By Frank Pingue
TORONTO, Aug 2 (Reuters) - The Canadian dollar closed at
its highest level in a week against the greenback on Thursday,
helped by a fresh wave of merger-related interest.
Domestic bond prices finished a touch higher, but the move
was limited ahead of a key U.S. payrolls report due on Friday.
The Canadian dollar closed at C$1.0534 to the U.S. dollar,
or 94.93 U.S. cents, up from C$1.0575 to the U.S. dollar, or
94.56 U.S. cents, at Wednesday's close.
Part of the currency's strength during an otherwise quiet
session was explained by ongoing foreign demand in Canadian
companies, which has been one of the key forces behind the
currency's strength for the past year.
On Wednesday, Houston-based Marathon Oil Corp. (MRO.N: Quote, Profile, Research) said
it would pay $5.56 billion for Canada's Western Oil Sands
(WTO.TO: Quote, Profile, Research), which directed the dollar in a quiet session.
"That kind of spiced up the currency markets a bit but
there is not much else going on," said Carlos Leitao, chief
economist at Laurentian Bank of Canada in Montreal.
"Plus, stock markets around the world have settled down a
little bit and the world is not going to end tomorrow, so if
that's the case there is no need to sell the Canadian dollar."
After some sharp losses in equity markets around the globe
during the past week, given concerns over the U.S. subprime
market, stocks finally appeared to have found their footing.
The Canadian dollar hit a session high of C$1.0511, or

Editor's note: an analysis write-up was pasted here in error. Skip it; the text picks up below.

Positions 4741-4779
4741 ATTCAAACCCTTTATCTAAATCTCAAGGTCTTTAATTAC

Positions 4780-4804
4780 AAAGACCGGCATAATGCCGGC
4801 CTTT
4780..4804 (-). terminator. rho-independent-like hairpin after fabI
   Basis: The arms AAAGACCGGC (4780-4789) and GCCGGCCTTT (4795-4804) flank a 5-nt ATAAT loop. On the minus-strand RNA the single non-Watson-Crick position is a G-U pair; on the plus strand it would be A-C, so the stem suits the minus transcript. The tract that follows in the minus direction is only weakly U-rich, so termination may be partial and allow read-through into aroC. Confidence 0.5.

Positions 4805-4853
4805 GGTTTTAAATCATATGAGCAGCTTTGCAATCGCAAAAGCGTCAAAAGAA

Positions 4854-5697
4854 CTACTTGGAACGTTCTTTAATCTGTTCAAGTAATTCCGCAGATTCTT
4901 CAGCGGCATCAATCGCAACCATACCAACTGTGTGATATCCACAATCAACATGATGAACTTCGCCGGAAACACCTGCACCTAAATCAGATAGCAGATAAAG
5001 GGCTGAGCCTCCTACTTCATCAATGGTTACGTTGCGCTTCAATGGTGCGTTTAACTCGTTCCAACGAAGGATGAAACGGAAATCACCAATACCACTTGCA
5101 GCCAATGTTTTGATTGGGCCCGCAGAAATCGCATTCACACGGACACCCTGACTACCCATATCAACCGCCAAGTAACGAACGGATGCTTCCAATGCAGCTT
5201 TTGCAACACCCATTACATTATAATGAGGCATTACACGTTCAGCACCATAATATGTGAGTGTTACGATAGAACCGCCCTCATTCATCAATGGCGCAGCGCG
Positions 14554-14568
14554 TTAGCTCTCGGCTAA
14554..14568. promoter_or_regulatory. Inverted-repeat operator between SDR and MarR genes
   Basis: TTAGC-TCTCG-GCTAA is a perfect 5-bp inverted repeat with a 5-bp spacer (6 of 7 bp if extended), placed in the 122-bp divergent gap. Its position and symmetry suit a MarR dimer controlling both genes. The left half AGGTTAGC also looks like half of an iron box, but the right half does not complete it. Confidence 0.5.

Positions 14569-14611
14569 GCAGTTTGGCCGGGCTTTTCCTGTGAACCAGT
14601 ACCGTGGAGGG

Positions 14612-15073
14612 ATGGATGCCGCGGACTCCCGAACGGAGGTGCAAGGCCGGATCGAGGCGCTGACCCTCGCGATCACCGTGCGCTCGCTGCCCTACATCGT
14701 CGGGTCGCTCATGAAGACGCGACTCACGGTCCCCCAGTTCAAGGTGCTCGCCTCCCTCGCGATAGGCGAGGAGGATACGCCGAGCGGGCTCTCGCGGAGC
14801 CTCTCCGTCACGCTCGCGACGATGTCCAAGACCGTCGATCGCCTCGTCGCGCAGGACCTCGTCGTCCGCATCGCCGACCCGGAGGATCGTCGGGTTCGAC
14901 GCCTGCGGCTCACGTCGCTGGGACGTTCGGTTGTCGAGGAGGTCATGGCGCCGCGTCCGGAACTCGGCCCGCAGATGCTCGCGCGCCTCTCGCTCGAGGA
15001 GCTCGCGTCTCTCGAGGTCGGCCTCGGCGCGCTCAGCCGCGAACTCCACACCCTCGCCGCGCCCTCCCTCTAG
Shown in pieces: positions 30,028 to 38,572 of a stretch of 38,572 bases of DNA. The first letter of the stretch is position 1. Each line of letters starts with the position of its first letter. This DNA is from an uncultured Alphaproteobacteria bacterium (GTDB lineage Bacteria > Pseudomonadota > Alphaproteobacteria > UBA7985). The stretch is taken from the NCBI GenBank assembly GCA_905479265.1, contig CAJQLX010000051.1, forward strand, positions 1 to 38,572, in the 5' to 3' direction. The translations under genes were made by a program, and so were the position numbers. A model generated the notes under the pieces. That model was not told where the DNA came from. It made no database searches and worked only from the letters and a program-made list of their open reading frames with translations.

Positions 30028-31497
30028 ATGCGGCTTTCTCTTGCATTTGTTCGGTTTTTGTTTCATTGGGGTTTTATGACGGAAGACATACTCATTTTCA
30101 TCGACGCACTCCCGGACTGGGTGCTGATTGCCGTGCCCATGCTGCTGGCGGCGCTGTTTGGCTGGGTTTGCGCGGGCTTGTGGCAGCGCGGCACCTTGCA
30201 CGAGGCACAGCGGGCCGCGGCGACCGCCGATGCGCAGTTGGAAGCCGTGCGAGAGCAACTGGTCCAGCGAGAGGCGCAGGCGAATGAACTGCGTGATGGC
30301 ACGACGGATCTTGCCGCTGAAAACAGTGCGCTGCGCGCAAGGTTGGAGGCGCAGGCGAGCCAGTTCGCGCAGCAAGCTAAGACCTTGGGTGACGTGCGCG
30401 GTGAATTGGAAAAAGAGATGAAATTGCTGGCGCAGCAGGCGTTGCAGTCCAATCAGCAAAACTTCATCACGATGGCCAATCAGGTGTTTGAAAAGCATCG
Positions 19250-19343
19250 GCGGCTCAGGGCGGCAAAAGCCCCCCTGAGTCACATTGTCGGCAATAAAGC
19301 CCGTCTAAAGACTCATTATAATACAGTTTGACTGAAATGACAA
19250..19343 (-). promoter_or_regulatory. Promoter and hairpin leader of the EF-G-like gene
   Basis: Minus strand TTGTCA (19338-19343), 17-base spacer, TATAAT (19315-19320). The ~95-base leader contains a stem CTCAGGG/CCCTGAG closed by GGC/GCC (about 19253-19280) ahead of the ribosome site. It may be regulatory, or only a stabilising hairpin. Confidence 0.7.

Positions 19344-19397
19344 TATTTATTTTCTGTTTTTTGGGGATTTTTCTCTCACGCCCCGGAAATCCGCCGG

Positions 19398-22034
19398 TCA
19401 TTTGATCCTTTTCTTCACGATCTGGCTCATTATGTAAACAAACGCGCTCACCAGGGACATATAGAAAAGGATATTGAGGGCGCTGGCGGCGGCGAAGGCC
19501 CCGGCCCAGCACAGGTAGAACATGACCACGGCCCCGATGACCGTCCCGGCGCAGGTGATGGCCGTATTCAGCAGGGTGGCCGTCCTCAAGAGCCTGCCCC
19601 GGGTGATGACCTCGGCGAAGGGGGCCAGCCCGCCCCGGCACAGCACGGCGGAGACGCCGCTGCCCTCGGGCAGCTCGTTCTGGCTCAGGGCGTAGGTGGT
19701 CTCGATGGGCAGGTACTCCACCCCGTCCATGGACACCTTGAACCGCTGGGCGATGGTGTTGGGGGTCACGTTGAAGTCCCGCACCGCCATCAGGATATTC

95.14 U.S. cents, around midday, but the currency tailed off a
touch and is expected to stay in a tight range overnight ahead
of the the U.S. jobs report.
"It's going to be quiet as people are being prudent to see
what happens tomorrow with the non-farm payrolls report," said
BONDS FLAT TO HIGHER
Canadian bond prices finished flat to slightly higher with
no domestic data to sway the market convincingly ahead of the
U.S. jobs report.
"We're just kind of going sideways until there is some sort
of a clear signal from the (U.S.) labor market tomorrow," said
Canadian building permit data for June will also be
released on Friday, but the report is not expected to have much
impact given that it is following a record high May reading.
The two-year bond was flat at C$98.46 to yield 4.641
percent, while the 10-year bond gained 18 Canadian cents to
96.36 to yield 4.504 percent.
The yield spread between the two-year and 10-year bond was
at -13.7 basis points against -12.2 at the previous close.
The 30-year bond rose 51 Canadian cents to C$110.04 to
yield 4.392 percent. In the United States, the 30-year treasury
yielded 4.913 percent.
The three-month when-issued T-bill yielded 4.59 percent,
unchanged from the previous close.